Protests over Jacob Blake’s death in Kenosha turn violent as white militia members storm in

Protests over Jacob Blake’s death in Kenosha turn violent as white militia members storm in

August 26, 2020

Police have arrested 17-year-old Kyle Rittenhouse at his home in Antioch, Illinois, some 20 miles from Kenosha, Wisconsin, where Rittenhouse stands accused of opening fire on protesters demonstrating against the police shooting of Jacob Blake, an unarmed Black man, on Sunday. He will reportedly be charged with first-degree murder, after shooting at least three people late Tuesday evening. Two of his alleged victims have died, while a third remains hospitalized.

Rittenhouse is not named in a statement posted to the Antioch Police Department’s Facebook page announcing the arrest, but his identity was confirmed by CBS News. In its press release, the Antioch Police Department said Rittenhouse is “currently in custody of the Lake County Judicial System pending an extradition hearing to transfer custody from Illinois to Wisconsin.”

The shooting, and subsequent escape by Rittenhouse, received widespread coverage Tuesday, as footage of both the shooting itself, its immediate aftermath, and the largely friendly interactions between Kenosha police and a group of armed white men were shared widely on social media. Rittenhouse was a supporter of Blue Lives Matter, per Insider, and had participated in a program for youths interested in law enforcement.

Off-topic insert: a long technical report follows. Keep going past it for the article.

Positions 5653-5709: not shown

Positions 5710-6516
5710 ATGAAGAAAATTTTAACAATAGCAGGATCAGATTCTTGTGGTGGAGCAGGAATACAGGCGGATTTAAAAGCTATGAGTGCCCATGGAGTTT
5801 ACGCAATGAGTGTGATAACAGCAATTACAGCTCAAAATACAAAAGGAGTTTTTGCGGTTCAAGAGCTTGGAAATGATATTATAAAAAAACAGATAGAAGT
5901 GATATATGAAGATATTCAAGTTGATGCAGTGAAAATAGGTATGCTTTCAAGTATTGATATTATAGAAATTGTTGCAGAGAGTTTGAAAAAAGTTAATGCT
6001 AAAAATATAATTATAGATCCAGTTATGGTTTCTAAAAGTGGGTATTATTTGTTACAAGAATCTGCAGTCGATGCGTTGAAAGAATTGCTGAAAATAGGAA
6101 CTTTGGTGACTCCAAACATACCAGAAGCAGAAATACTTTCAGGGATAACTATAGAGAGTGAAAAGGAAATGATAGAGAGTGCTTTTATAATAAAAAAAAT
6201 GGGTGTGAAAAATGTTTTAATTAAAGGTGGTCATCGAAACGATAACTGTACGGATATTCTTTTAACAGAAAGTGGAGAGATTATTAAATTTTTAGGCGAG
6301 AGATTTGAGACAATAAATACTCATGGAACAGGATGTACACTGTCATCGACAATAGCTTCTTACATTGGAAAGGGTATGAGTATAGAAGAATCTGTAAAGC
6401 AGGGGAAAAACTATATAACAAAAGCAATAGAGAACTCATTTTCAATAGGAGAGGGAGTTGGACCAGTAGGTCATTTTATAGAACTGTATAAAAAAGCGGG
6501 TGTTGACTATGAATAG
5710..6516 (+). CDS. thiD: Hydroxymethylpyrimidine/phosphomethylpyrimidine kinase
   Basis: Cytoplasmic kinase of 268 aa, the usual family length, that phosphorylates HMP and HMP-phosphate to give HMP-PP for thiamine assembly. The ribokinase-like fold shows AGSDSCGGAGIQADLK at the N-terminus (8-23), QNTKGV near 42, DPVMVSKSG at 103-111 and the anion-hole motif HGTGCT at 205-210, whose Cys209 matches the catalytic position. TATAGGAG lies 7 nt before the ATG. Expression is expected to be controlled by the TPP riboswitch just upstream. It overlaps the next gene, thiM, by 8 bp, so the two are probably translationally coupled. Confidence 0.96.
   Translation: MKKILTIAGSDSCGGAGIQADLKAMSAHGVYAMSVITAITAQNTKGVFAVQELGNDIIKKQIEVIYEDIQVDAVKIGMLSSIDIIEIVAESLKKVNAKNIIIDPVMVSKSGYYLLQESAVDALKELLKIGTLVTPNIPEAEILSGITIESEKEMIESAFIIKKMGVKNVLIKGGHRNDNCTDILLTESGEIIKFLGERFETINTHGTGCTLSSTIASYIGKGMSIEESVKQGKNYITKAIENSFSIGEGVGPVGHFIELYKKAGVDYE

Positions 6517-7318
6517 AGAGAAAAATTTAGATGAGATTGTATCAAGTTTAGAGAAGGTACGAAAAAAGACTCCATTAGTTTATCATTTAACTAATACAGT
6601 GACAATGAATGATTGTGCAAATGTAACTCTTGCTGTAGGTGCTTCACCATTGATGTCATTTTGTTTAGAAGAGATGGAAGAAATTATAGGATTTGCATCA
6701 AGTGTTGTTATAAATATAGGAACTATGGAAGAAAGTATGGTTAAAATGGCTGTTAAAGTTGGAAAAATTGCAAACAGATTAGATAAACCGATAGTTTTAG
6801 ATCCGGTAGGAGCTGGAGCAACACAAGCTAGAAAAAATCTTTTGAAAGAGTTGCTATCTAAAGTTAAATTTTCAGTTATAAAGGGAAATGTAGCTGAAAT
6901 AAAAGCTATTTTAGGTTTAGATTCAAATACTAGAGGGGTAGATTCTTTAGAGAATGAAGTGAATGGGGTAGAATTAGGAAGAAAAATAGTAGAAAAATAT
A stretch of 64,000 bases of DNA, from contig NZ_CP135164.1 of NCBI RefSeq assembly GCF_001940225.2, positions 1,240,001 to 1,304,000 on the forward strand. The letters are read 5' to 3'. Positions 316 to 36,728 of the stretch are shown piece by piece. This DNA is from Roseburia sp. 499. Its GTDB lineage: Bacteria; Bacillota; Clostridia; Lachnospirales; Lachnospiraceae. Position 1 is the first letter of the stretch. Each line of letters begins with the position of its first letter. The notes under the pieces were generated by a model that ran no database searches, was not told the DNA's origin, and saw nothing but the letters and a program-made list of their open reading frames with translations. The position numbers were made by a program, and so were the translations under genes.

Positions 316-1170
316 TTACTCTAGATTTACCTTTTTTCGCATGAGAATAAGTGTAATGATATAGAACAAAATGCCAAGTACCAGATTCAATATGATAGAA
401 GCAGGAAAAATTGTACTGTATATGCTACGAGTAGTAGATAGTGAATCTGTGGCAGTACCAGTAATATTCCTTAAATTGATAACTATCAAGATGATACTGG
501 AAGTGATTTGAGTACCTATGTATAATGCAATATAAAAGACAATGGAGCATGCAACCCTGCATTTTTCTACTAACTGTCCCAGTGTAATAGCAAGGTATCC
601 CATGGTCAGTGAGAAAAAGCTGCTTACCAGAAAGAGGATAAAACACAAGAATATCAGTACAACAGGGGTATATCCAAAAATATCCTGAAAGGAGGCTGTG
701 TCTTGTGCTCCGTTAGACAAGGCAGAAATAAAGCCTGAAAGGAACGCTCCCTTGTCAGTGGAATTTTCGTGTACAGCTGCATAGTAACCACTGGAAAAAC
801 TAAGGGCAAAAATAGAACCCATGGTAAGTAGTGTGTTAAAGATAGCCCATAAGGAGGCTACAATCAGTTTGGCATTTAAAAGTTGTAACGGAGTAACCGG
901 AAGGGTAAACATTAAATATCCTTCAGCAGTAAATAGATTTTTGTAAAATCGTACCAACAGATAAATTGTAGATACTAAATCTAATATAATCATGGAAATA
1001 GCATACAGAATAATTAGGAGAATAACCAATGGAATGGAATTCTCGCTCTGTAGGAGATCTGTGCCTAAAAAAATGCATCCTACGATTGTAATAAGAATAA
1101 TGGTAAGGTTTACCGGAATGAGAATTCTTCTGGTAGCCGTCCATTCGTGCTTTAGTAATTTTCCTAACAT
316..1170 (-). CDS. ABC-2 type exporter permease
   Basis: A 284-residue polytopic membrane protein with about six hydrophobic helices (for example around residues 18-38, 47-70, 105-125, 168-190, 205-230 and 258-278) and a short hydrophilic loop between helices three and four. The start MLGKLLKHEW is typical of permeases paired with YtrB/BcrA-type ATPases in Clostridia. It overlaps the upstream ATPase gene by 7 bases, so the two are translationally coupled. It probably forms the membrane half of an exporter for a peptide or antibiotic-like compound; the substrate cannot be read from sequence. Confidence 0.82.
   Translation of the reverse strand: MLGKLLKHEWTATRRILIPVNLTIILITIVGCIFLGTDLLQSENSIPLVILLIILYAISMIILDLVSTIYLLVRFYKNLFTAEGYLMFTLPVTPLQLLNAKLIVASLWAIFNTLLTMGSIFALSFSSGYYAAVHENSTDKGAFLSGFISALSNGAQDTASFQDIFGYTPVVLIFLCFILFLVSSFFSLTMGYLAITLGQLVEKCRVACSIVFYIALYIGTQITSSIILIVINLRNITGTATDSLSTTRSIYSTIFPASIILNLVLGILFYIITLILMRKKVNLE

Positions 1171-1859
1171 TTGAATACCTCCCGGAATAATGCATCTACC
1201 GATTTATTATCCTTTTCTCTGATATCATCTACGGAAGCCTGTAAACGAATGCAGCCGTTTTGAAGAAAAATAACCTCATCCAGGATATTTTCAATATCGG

Rittenhouse was reportedly among the members of the self-described “Kenosha Guard” militia, which had posted a “call to arms” calling on “armed citizens to protect our lives and property” amid the protests. According to his social media presence, as well as videos taken during the protest obtained by the Milwaukee Journal Sentinel, Rittenhouse considered himself a militia participant, at one point appearing in a clip of a group of armed men being thanked by police officers for their presence at a building near the epicenter of the protests, despite the ongoing curfew in town.

“We appreciate you guys,” one officer is heard telling the group. “We really do.”

In a separate piece of footage, a figure now believed to be Rittenhouse is seen opening fire on protesters, then walking away with his hands in the air as police vehicles drive past him. The Milwaukee Journal Sentinel reported that there were nearly 500 combined police officers and National Guard soldiers on hand during Tuesday night’s protest — a number poised to grow, after President Trump announced that he and Wisconsin Gov. Tony Evers (D) had agreed that the president could send additional troops to the city.

The police shooting of Blake — which occurred in front of several of his children — has set off the latest in a series of social and criminal justice protests this year, following the police killing of George Floyd in Minneapolis. While Blake, who was shot seven times, survived the incident, he is reportedly paralyzed from the waist down.

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